Jeremy Clarkson discusses health woes as ‘things aren’t going to get any better’

Jeremy Clarkson has explained "things aren't going to get better" as he comes to terms with the fact he isn't able to do some of the things he once could.

The 61-year-old TV star launched his Amazon Prime show Clarkson's Farm which documenting the highs and lows of managing Diddly Squat Farm in The Cotswolds.

With the Who Wants To Be A Millionaire host now ploughing fields and getting a grip of manual labouring tasks, it's been an eye-opener that he might not be able to complete certain jobs for much longer.

It probably didn't help that the former Top Gear presenter had been busy reading obituaries – suggesting that on average it seemed he had just "15 years" of life left.

Addressing recent issues such a seizing back, unconfident knees and lungs that feel as though "they're on fire" – it's no wonder the star is now stewing over possible problems that surround getting old.

Writing for his column in The Sun, the car fanatic penned: "My knees give me no confidence when I’m coming down a flight of stairs.

"My back locks solid if I attempt to walk up a hill. My lungs feel as if they're on fire if I even look at a bicycle, and when I go for a swim it feels as though I have a small car on my back."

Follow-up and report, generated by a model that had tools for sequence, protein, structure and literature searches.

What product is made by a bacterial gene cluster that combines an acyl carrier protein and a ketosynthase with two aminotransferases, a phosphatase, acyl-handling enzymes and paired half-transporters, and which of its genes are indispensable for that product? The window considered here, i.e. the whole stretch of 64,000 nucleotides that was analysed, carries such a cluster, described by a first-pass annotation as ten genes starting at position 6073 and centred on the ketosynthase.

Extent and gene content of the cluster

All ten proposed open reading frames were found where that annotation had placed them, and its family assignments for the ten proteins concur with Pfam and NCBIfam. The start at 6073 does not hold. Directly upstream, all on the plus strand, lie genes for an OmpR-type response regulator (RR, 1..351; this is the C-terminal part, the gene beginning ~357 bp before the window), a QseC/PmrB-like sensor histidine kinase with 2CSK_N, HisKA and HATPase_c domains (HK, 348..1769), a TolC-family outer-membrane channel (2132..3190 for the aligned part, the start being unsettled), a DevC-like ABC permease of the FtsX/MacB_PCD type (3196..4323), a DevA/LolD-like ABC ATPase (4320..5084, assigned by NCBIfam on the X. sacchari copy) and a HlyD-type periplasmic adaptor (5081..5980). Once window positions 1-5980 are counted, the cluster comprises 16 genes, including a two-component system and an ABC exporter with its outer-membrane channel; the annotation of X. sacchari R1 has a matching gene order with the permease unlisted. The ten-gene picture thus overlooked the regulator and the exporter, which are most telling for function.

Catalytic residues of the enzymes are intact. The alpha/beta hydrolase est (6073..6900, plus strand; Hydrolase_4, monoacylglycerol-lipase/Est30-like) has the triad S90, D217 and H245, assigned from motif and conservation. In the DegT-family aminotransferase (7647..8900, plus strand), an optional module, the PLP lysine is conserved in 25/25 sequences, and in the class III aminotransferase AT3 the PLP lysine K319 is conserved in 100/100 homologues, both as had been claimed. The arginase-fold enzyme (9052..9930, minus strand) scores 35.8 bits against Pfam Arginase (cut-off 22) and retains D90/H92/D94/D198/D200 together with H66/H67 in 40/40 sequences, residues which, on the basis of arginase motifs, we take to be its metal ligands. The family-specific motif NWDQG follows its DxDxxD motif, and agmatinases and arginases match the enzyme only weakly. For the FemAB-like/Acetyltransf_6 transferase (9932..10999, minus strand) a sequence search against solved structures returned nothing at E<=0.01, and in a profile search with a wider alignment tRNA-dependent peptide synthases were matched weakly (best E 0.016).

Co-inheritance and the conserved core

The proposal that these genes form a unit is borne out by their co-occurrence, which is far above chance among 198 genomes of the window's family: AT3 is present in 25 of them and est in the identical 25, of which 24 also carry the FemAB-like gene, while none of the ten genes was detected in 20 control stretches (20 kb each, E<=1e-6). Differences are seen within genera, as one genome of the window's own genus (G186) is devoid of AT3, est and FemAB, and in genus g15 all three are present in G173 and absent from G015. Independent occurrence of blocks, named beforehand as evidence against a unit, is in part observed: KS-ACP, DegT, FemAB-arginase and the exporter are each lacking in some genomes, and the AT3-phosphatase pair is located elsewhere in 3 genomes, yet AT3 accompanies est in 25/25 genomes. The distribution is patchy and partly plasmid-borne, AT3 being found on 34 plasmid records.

His list of general bodily deteriorations had been endless and relatable to many no doubt.

Now thinking about the future and worsening issues that could arise during his journey through his 6th decade on the planet, he pondered over what life could look like in the not so distant future.

With good humour, he wrote: "And things aren't going to get any better, because soon there will be lumps and gristle and hip operations that will force me to spend what time I have left in a rocking chair, trying to finish an interesting story in the Reader’s Digest about azaleas.

"It saddens me to think that I have now dived off a boat for the very last time, and been down my last black run. I may never see the dawn again, either, unless I have to get up early for another annoying stagger to the loo."

Having delved into the Times' obituaries section, Jeremy was able to pinpoint that many people who had passed away in recent times had been 15 years his senior.

With this bleak thought, he reached the conclusion that a decade and a half would be "plenty" of time to achieve most things he needed to.

Back in 2017, Jeremy suffered from Pneumonia and while the condition isn't always serious and affects individuals differently, it can on occasions be life-threatening

The condition that causes lung tissue to swell left Jeremy with long-term issues.

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